I’m sharing #Tide in my life as part of a Tide sponsored series for Socialstars™
Having a big family means I expect my children to do chores around the house. As much as I’d like to be Supermom, I’m not. That’s when I need to rely on my family to help out while teaching my kids some responsibility. Laundry is a big chore in our house, because 7 people equals a lot of dirty clothes. Since my kids vary in age, there are different age appropriate ways they can help. This is how I teach kids to do laundry.
Sort the Clothes – Age 3+
Every child has a hamper in their room. They can all throw clothes in the hamper from age 3 and up. Take off your dirty clothes, throw them in the hamper and not around the house, please. The older kids have two hampers – one for whites and one for colors. I also will have them separate denim into a different pile. For the color sorting, I usually start around age 8. Though the 6-year-old is capable, I’m just happy when clothes aren’t hanging from the lamps.
Read the Labels – Age 12+
Seriously teach your kids (and maybe husbands, love you, honey, xoxo) to read the labels of clothing before washing them. Some say turn inside out, some say dry clean only, some say wash in cold. Luckily Tide® PODS™ Plus Downy® dissolve in all temperatures of water, including cold, so no need for hot water. Plus it’s better for the environment.
And yeah, when the label says line dry or lay flat to dry, don’t put it in the dryer unless you want small clothing. Her sweater shrunk. To avoid frustration, I usually reserve this responsibility for ages 12 and up. If you have a responsible 10-year-old, then go for it.
Load the Washing Machine – Age 3+
I use Tide PODS® Plus Downy laundry detergent pacs to wash our clothes, but little hands should not touch the pods. Keep out of reach of children. They are still capable of helping though. Tide PODS works with both high efficiency and standard washers and they clean and condition in 1 step. Easy and quick with no fuss. I put in one pod for normal size loads BEFORE the clothes go in and 2 Tide® PODS™ Plus Downy® for large loads, so the kids clothes come out fresh and clean.
Then the kids throw in their laundry on top. We have a top loader, so we like to make it a game of basketball. She shoots, she scores!
Dry Clothes – Age 12+
I leave the drying to ages 12+, because of the reading labels. My 10-year-old is capable, so she does load the dryer sometimes, but maturity plays a factor. I usually just handle the dryer, because we have a top loader and the other kids aren’t tall enough to reach the bottom of the washing machine. If we had a front loader, I’d let the younger ones help transfer the clothing.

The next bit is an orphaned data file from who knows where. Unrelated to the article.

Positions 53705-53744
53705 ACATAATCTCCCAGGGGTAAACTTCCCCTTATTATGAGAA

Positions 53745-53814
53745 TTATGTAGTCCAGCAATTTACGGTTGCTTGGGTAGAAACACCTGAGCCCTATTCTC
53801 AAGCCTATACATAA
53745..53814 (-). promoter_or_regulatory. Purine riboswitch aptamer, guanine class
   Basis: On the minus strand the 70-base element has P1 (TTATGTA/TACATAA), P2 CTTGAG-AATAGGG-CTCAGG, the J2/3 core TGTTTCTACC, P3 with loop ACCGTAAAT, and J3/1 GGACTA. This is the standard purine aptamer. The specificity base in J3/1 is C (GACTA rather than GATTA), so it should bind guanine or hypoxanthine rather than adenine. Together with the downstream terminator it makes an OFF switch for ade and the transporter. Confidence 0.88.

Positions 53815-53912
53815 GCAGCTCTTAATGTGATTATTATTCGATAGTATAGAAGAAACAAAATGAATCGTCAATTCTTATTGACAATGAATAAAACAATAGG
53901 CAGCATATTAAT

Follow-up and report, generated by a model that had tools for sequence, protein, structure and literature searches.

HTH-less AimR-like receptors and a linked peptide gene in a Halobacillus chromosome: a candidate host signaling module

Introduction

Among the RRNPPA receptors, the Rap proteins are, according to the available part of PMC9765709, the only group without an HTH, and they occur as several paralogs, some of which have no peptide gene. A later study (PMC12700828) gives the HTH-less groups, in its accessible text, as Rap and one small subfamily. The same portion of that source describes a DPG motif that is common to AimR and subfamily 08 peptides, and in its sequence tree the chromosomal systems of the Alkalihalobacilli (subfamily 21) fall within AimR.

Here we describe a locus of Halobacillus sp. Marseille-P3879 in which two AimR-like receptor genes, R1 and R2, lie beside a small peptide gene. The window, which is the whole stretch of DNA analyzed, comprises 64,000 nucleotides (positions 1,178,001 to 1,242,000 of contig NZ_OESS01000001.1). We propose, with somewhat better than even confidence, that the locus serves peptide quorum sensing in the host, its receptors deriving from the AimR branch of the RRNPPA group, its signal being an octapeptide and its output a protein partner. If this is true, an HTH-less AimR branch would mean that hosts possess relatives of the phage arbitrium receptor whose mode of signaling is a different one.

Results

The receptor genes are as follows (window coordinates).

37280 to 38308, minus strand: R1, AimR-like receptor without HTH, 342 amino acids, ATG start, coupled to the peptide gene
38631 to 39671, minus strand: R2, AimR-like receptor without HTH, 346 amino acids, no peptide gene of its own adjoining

Fold Clothes – Age 4+
Folding clothes is one of those necessities that I realllllly dislike. Good thing I have 5 kids to help out. I’m trying to embrace my inner Mary Poppins (instead of Cruella de Vil) mentality – “In every job that must be done, there is an element of fun.” Sometimes we’ll have a folding party where we all watch a television show together while we fold. I also will make it a competition. Whoever folds the most items wins a treat or if we reach our goal of folding two loads in 15 minutes, then bedtime gets pushed back 30 minutes. And in times of desperation, I’ll pay my kids $1 for a really big load of laundry.
The 4-year-old can match socks and fold shorts and kitchen towels. When there are extra socks without a match, they go on our Lost Socks hanger. The 6-year-old struggles a bit with folding shirts, but let’s be honest, so do I. Ages 8+ can fold and put away their clothes no problem!
Put Away Clothes – Age 4+
I’ve found the best way to have kids put away their clothes is for them to be put away immediately. After they are folded, put them away right then! Sometimes we are just busy or I’m the one folding, so the kids aren’t home to put away. Another thing that helps is to have their own basket for clean clothes with their name on it. Then they can be dropped there until the clothes make it into their proper drawers or closets. Because if there’s a pile somewhere that is not put away, it will get knocked down every time guaranteed. Sometimes we’ll have timed races to see who is the fastest at putting away clothes. It’s a nail biter, I’m telling you.
With regards to lost socks, sorry, I’ve got nothing for you. I don’t know where they go. Twilight Zone? Sock heaven? But somewhere there is someone with a whole lot of mismatched socks and hair ties.
Get your kids involved! They are more than capable with helping out with the laundry. They may not do it from start to finish until they are tweens or teens, but little ones can help in their own ways. It’s fun to see them smile with pride at a job well done.